Local News
4:46 pm
Wed August 20, 2014

Rationalizing the Deaths of Unarmed Black Men: From Ferguson to Boston

The recent killing of a black teenager by a white policeman in Ferguson, Mo., has evoked memories of an incident four years ago, closer to home — the shooting death of Danroy Henry Jr., known as DJ, who lived in Easton. Both of these cases have raised concerns about the role of racial bias in rationalizing police actions.

The news accounts in recent weeks are tragically similar, from Los Angeles to Staten Island to Ferguson. But four years before anyone knew where Ferguson was located on a map, there was the fatal shooting of DJ Henry, a 20-year-old Easton man, and football player, who was a junior at Pace University, just north of New York City.

On Oct. 17, 2010, after a night of celebrating following a homecoming game, Henry was shot to death by police officer Aaron Hess. Hess had responded to a bar brawl in the early morning, which, by all accounts, had nothing to do with the young football player and his four friends. But the bar, in the village of Thornwood, an enclave in Mount Pleasant, New York, shut down early.

"So that’s when DJ and I left and went to the car," said Henry's best friend, Brendon Cox.

All parties agree that Henry’s car was idling in a fire lane with Cox in the passenger seat. A cop told them to move the car, because they were parked in a fire lane. They did.

"We hear a loud tap on the window," Cox said.

They drove a few feet, says Cox, and then Pleasantville officer Aaron Hess, arriving on the scene, suddenly and inexplicably jumped on the hood of the car and started firing wildly through the windshield.

"DJ’s next to me and he says, ‘They shot me,'" Cox said. "'They shot me. I can’t believe they shot me.'"

Henry was pulled from the car by police and died not long afterwards as he lay initially unattended in the street. But police said Hess fired as Henry tried to run him over, leaving the officer with little choice but to jump onto the hood — a version of events that’s disputed by new evidence in the civil case against Mt. Pleasant and the village of Pleasantville that’s winding it’s way through federal court.

Four years later and 1,200 miles away, another police version of events is seeking to explain the circumstances leading to the killing of another black youth, this one in Ferguson. At a press conference on August 10th, chief Thomas Jackson provided the explanation that Michael Brown rushed officer Darren Wilson when the policeman tried to pull him over.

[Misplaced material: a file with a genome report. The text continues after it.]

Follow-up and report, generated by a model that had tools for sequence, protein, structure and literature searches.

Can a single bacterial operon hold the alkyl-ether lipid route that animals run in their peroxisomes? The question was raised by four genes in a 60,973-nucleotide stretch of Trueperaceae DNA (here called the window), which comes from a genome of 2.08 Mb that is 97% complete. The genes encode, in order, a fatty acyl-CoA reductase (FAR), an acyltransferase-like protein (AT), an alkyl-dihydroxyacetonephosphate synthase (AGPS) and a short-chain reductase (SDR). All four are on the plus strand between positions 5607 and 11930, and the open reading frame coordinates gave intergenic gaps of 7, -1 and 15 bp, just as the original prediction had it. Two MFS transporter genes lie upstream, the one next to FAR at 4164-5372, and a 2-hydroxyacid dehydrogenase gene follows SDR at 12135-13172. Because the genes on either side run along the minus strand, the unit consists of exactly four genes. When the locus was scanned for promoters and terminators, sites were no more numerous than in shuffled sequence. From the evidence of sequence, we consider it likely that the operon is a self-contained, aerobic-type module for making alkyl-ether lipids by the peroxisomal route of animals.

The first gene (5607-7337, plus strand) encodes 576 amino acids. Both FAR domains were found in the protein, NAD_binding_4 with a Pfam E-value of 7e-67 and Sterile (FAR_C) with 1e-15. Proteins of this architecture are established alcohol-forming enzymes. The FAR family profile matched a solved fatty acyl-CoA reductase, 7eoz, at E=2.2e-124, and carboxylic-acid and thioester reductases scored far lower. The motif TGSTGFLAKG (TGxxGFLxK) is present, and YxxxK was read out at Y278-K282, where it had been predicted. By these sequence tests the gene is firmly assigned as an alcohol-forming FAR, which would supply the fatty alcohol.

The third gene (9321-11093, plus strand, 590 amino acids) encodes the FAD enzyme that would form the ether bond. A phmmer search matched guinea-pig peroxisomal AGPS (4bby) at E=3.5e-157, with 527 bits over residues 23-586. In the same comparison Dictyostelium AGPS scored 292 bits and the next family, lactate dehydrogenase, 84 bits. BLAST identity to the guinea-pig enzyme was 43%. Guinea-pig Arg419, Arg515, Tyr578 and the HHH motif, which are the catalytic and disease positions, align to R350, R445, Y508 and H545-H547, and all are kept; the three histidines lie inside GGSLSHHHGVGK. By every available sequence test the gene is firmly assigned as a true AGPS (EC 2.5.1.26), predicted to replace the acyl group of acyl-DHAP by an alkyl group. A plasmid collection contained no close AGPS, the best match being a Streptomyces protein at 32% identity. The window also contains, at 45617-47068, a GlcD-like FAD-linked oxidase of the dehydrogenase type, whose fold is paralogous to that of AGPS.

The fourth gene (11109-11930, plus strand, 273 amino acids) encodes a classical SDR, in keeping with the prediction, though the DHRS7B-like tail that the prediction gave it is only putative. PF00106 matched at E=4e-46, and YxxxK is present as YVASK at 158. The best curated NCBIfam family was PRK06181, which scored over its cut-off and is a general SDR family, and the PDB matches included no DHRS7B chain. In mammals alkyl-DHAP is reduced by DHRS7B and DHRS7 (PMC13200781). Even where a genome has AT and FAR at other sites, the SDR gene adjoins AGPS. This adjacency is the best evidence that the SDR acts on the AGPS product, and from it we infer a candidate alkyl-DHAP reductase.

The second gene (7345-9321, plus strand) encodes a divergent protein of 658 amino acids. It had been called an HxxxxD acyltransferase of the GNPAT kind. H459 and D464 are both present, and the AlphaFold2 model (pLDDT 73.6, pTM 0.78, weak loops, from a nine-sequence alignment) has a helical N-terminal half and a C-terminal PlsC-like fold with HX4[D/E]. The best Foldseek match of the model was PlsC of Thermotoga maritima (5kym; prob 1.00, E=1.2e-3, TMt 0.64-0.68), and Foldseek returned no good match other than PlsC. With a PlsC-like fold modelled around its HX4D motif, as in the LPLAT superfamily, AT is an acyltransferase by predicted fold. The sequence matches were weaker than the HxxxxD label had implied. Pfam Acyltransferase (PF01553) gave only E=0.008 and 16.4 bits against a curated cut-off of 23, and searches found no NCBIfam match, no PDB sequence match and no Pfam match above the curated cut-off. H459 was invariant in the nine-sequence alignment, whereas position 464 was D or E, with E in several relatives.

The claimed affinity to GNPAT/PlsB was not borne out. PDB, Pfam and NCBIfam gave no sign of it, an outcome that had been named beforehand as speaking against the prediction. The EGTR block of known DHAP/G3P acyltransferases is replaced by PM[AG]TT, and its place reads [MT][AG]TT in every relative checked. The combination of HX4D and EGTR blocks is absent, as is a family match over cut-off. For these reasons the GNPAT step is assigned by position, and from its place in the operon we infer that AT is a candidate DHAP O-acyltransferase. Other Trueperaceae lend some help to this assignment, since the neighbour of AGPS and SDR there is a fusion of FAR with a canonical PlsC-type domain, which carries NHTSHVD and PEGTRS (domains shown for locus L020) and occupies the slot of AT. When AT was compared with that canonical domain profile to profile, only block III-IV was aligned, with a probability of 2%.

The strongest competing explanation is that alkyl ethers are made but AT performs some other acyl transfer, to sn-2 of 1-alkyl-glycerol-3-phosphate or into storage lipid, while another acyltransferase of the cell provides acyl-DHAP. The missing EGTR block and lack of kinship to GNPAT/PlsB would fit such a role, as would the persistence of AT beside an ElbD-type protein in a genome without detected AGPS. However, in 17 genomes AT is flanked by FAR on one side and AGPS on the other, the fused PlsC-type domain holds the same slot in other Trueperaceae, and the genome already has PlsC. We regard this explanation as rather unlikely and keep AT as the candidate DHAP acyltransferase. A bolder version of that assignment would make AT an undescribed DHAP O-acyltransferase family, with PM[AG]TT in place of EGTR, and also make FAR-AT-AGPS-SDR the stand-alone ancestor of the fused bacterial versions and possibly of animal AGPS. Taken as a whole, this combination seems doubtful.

"Within the police car there was a struggle over the officer’s weapon," Jackson said. "There was at least one shot fired within the car. After that, the officer came back into the car. He exited his vehicle and there was a shooting that occurred where the officer, in fact, shot the subject."

But like the police shooting of Henry, direct-eyewitness testimony is in variance with the official interpretation of reality. Tiffany Mitchell, who was visiting the neighborhood, told MSNBC what she saw in broad open daylight.

"The officer gets out of his vehicle and he pursues him and as he’s following him he’s shooting at him, and Michael's body jerked as though he was hit, and he turns around and he puts his hands up, and the officer continued to walk up on him and shoot him until he goes all the way down to the ground," Mitchell said.

An autopsy this week showed that 18-year old Brown was shot at least six times

As in the case of Henry in Mt. Pleasant, N.Y., four years earlier, Brown did not have a weapon: Two young unarmed black men shot by police under questionable circumstances. In both cases, what followed was information that trickled out questioning the character of the two black victims.

So why release questionable information?

“To justify the death of a person," says Lisa Thurau, an attorney who heads Cambridge based Strategies for Youth, which trains police nationwide how to interact with young people, especially in communities of color. She says selective information from police agencies about which officers are implicated in fatal shootings should be closely examined, but often isn’t.

"And that’s just an unfortunate thing that the media falls in step with and decides, 'yeah, we’re going to amplify the negative of the victim, and then try to reclaim that victim’s innocence, if possible, later on'," she said.

In Henry’s case, there were reports that he was intoxicated. In Brown’s case, it was video showing him manhandling and “robbing” a store clerk. His supporters described the crime as “shoplifting.”

Thurau concedes that media could not ignore information about Henry and Brown. But she says reporters should ask, "Is it relevant?" and "Why is it being disseminated?"